Tell Your Packaging Stories

As healthcare product packaging engineers, you�ve had a lot to consider this year. No doubt your to-do lists have included plans for bar coding, ensuring patient safety, and facing counterfeiting and diversion threats. All this, and you still have to help your company stay competitive.

It sounds nearly impossible, but you manage it. And now you should promote your contributions to your products. Packaging engineers are now being looked to for solutions to many of the challenges facing the healthcare industry. And industry is ready to hear your stories. 

One company that always has a packaging story to tell�and does an excellent job of telling it�is Dey LP. The firm introduced unit-dose respiratory product packaging in the late 1970s and was one of the first to implement blow-fill-seal packaging. These innovations have helped both respiratory therapists (RTs) and patients deliver inhalable solutions quickly and easily.

The firm�s latest advances are using color-coded foil pouches for housing five embossed vials instead of individually color-coded paper labels on the vials; encoding National Drug Codes on all pouches with Reduced Space Symbology (RSS); and introducing individually pouched and color-coded vials. 

�We kept the color coding of the pouches consistent with the colors of our original paper labeling, since users have come to associate particular colors with our products,� says Gary Michaud, Dey�s senior vice president of operations. While drug identification should be performed by reading the embossing on the vials, he says, color coding helps users easily identify drugs.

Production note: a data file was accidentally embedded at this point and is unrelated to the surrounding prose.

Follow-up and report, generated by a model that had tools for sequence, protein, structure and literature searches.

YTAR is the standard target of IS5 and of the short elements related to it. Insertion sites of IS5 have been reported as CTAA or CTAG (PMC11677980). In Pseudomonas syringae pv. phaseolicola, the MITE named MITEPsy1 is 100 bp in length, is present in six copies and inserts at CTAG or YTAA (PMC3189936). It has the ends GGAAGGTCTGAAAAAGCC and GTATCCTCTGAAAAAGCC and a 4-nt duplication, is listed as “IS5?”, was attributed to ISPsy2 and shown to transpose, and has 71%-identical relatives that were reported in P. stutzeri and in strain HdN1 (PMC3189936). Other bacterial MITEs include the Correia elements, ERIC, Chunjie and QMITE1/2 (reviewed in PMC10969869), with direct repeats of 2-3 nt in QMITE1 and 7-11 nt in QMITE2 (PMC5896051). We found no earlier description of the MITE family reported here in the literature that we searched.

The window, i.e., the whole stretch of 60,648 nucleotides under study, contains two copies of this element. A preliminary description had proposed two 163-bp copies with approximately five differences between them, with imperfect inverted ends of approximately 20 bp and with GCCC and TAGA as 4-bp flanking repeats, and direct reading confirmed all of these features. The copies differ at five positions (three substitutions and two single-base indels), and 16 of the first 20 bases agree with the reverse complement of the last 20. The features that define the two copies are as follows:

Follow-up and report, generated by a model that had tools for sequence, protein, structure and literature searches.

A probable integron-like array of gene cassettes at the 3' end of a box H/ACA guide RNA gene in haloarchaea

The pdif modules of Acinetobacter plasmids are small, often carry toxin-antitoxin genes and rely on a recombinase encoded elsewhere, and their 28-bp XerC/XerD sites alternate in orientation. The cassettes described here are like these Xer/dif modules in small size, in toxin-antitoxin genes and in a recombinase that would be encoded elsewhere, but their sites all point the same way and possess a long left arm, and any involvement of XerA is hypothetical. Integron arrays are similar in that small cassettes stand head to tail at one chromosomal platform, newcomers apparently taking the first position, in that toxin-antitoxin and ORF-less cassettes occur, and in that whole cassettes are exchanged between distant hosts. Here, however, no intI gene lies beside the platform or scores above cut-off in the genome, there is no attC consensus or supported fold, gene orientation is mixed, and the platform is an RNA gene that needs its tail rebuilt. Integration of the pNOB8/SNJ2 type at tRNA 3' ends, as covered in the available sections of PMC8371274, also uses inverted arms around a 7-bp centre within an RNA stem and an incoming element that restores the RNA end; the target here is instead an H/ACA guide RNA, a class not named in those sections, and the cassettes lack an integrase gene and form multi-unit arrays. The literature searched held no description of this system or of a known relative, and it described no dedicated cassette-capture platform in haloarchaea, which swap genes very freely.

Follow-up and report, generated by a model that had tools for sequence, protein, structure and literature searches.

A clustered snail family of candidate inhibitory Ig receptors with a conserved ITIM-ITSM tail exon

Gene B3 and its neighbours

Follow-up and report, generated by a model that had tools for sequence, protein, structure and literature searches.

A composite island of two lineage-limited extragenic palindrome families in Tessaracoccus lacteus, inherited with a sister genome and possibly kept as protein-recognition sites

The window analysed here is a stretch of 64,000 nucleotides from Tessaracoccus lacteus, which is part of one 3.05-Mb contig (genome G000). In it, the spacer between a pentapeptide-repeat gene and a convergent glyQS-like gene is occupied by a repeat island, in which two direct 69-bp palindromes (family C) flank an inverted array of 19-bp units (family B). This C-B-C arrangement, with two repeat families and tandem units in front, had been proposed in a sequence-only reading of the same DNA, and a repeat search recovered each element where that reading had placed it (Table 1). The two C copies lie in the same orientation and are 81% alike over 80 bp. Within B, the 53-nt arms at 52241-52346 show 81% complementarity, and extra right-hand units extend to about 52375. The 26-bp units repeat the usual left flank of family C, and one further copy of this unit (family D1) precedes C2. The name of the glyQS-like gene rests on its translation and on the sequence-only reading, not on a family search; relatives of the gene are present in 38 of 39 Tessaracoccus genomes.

For automatic identification, Dey chose RSS because it seems destined to become the standard in hospital product scanning, says Michaud. �Because of its small size, RSS seems to be the code of interest.� Dey didn�t need a small-sized code for its multiple-vial pouches. However, the firm wanted to begin using a symbology that others would be using in the future. A uniform coding convention will make it easier for hospitals to standardize their processes, he says. 

The small scale of RSS will prove useful for the firm�s individually pouched vials. Some of the firm�s drugs will be transitioned to the unit-dose format for hospital use. �Research we conducted in 2003 showed that singly pouched vials with bar codes would promote safety and reduce contamination,� says Raymond Joske, senior vice president of marketing and business development. 

Color coding and human-readable text printed on the single pouches will still be packaging staples, though. Michaud says that these will help RTs better identify vials. �They routinely carry several vials in their pockets. Without color coding and easy-to-read type, they are at the mercy of their eyesight when it comes to reading embossed vials that have been removed from multiple-vial pouches.� He adds that the high-quality preprinted pouch materials from Flexicon (Chicago) further help therapists locate the right products. �The clarity is exceptional, which is important for reading text on small pouches.�

Even though these packaging innovations can speak for themselves, Dey isn�t leaving the storytelling to them. The firm has produced a brochure on the RSS codes, titled, �At Dey, We Set the Bar.� 

�We are in a commodity market, so we are challenged to differentiate our products,� says Joske. �We must point out any differences.�

I encourage you to do the same. Share your success stories. Show the healthcare industry just how your packaging sets your products apart.

Daphne Allen


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